‘We struck gold’: ‘Amazing’ 13th-century monastery unearthed in Meath

Started by gash, August 05, 2019, 02:36:06 pm

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"Hugely significant" finds of a rare French structure and medieval pottery have been found during recent archaeological excavations in Co Meath, supporting a long-held belief that the site was once home to Cistercian monks from Normandy.

Noted medieval expert Matthew Stout and his wife archaeologist Geraldine Stout have described the finds of 13th-century French jugs and ceramic roof tiles as "hugely significant" at the site in Beymore, just outside Drogheda.
They also found a corn drying kiln and dried peas, which, they say, prove crop rotation was ongoing in the 13th century.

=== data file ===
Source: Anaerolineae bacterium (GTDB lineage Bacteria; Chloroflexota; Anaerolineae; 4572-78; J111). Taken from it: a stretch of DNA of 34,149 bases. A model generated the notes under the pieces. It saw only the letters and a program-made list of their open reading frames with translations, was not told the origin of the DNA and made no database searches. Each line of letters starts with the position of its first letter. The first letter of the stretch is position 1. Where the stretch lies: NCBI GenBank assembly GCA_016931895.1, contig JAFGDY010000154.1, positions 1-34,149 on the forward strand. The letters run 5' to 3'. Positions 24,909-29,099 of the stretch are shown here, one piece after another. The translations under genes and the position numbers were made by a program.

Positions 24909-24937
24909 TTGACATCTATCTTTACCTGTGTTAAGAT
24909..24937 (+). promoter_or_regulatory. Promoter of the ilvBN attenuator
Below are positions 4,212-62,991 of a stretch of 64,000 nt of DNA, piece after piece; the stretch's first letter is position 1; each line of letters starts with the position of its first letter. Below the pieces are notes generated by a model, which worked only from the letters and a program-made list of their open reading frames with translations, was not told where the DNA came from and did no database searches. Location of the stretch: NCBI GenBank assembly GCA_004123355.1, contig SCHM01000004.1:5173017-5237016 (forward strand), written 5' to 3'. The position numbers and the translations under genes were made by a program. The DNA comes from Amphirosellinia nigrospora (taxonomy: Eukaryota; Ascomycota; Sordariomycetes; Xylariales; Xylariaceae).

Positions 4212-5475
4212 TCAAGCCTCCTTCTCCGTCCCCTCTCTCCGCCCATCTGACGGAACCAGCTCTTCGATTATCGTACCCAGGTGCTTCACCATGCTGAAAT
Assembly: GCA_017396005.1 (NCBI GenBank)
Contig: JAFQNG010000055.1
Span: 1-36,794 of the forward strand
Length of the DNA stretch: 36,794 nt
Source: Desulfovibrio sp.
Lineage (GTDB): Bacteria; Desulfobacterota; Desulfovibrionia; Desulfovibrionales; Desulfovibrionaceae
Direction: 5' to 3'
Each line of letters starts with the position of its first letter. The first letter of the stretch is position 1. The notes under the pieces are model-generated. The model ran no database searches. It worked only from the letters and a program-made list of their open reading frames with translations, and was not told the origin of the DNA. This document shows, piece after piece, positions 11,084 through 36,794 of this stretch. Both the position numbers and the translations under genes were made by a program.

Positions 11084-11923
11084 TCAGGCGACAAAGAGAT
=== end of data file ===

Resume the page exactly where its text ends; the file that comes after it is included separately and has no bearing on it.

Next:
Surveying the "unusual features" of an existing gatehouse in the field, two of Ireland's foremost medieval building archaeologists, David Sweetman and Con Manning, say a diagonal French buttress is "very rare, if not unique in Ireland". They now believe the site at Beaubec to have been the home of a 13th century medieval monastic farm associated with the French Cistercian foundation of De Bello Becco (Beaubec).

The excavations were undertaken at the behest of landowner and local historian John McCullen who believed there was something special about the ruins, which lie in one of his fields.

"John has always believed that Beaubec is a special place, and we are fortunate people that we were able to unearth this amazing story," said Matthew Stout.

"Beaubec is ideally located to throw light on the involvement of the Cistercians in commercial development and international maritime trade in the Boyne Valley during the medieval period.

Full article here :  https://www.irishexaminer.com/breakingnews/ireland/--940874.html
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